This past weekend, a disaffected soldier killed his commanding officer at an army camp before going on a shooting spree in central Korat, the worst mass shooting in Thailand’s history.
29 people were killed before security forces ended a night-long siege and killed the gunman. As Korat mourns and recovers, we look at four talking points that must be addressed in the coming weeks:
Army security and accountability
Over the past two years, Thailand’s armed forces has had to justify its place in Thai society as opposition parties question the massive defence budget and the need for conscription. The military, under army chief Apirat Kongsompong, has argued time and time again its role was vital in safeguarding traditional Thai values and to protect against the encroachment of foreign values.
That the perpetrator of the worst mass shooting in Thai history is a soldier has not gone unnoticed among Thais and the military’s value is once again called into question.
A full and open investigation must be carried out by both the government and the army to ensure public trust. Key questions still remain in the aftermath of the shooting. How was the soldier seemingly able to get past security to a secured armory so easily? Why was he not stopped en-route to the Korat city centre? What mental health checks are available to Thai soldiers around the country?
These questions and more must be answered fully and openly for the public to begin to trust the military again.
The dangers of Columbine
One of the enduring, terrible legacies of the Columbine massacre in the United States was the rise of copycat crimes. People who worshipped Dylan Klebold and Eric Harris sought to emulate his crimes. The past two decades have been filled with school shootings and mass shootings, inspired by Columbine.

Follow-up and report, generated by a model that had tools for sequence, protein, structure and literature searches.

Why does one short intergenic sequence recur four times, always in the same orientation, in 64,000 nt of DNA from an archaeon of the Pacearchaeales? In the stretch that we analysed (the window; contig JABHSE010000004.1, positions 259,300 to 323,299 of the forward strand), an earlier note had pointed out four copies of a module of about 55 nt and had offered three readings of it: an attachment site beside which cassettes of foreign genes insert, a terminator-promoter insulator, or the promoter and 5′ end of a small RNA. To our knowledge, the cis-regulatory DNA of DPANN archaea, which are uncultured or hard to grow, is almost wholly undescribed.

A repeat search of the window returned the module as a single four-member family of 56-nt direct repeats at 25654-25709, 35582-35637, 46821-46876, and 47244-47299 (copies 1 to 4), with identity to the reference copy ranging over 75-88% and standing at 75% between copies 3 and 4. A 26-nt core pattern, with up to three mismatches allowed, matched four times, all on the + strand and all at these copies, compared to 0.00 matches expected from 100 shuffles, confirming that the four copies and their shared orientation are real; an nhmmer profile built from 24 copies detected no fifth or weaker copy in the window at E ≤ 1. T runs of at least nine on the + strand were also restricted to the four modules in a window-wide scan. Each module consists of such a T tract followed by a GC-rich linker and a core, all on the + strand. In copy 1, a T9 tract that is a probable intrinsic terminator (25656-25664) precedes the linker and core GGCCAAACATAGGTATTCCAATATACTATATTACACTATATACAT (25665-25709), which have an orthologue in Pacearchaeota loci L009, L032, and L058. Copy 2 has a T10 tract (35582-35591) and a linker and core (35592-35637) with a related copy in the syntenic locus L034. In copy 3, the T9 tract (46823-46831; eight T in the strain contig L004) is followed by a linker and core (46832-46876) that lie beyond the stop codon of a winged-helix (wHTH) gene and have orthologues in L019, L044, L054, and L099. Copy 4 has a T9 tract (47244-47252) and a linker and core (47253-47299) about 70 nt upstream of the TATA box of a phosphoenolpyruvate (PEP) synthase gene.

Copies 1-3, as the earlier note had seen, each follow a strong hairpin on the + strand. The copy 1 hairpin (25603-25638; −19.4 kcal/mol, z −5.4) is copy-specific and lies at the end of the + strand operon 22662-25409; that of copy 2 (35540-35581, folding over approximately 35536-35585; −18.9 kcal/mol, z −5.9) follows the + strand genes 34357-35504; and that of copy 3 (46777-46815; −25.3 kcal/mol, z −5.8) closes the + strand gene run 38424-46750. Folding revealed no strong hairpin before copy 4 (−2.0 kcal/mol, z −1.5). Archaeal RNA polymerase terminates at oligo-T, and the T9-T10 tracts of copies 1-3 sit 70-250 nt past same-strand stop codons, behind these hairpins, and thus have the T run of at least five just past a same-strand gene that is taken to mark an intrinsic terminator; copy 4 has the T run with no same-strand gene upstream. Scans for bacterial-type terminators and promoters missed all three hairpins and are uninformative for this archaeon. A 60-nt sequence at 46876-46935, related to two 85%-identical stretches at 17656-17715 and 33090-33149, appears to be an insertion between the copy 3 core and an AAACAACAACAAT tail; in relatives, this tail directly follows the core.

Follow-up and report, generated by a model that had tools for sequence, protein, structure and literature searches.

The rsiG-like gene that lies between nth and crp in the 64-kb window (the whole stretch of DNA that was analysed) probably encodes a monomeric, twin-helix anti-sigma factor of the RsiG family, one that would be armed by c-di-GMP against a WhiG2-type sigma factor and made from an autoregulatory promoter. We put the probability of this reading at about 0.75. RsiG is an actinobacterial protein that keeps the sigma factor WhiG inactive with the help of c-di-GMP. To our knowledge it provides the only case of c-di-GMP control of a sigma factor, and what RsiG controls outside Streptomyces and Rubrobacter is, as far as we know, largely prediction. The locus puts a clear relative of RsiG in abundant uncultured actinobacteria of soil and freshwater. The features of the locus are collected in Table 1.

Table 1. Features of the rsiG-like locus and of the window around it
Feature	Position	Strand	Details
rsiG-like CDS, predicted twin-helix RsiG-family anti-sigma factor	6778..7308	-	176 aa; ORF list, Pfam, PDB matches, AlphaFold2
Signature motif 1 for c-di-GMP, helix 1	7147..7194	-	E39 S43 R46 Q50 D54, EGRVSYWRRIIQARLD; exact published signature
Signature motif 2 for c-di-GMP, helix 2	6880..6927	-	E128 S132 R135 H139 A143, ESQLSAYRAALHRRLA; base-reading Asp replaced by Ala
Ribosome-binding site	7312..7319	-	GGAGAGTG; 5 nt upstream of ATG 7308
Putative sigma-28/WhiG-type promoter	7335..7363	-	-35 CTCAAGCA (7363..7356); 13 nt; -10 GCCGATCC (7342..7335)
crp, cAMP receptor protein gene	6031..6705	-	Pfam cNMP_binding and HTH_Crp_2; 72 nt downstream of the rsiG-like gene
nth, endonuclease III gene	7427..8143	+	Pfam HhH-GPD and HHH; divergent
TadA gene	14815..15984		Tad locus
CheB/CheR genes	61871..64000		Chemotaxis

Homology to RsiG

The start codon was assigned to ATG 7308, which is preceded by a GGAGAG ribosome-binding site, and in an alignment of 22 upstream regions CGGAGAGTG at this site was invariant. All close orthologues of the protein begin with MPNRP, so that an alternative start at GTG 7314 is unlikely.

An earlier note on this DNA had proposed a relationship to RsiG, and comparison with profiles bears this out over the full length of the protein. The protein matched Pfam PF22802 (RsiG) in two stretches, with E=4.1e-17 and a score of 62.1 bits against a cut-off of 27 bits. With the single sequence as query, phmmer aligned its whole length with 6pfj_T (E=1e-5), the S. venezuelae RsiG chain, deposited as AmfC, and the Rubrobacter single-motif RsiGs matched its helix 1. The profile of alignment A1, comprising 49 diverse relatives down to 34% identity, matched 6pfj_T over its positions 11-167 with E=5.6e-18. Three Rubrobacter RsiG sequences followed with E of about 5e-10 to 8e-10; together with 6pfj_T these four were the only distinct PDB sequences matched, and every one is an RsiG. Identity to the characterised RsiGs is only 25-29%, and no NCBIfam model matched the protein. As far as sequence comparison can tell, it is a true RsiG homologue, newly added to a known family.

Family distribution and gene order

Thailand must not let this be our Columbine moment. We should not shed light on this army soldier, his motives and publish gory details of his crimes. Copycat crimes are real and in a country that has relatively easy access to black-market arms, Thailand should be worried and government programmes must be put in place to make sure this man is not worshiped and emulated.
The problem of media
Jasmine Chia has written a beautiful piece for us about the failings of Thai social and mainstream media during and after the massacre. We can’t stress enough how important this point is. Social media not only allowed the shooter to glorify his crimes (see above), but also allowed him to monitor the movements of security forces.
In the aftermath of the violence, the National Broadcasting and Telecommunications Commission has asked Thai terrestrial media to join a meeting to discuss what constitutes good live coverage and what could endanger the lives of security officials. This is a welcomed move.
But it should not require the involvement of state agencies for Thai media to practice ethical journalism. A long hard look must be had by all outlets to make sure that going forward, the mistakes of this past weekend are not repeated.
Even as social media retreats, once again, to its tribal corners and argues endlessly about whose fault this is, the topic of mental health is pushed to the back burner having barely registered in the national conversation.
But Thailand, and indeed this region of the world, must address this topic sooner rather than later and de-tabooify the field of mental health. It is not a taboo, it is not embarrassing and it is something that must be addressed seriously not only to identify possible shooters in the future but to save countless lives from mental health illness related deaths.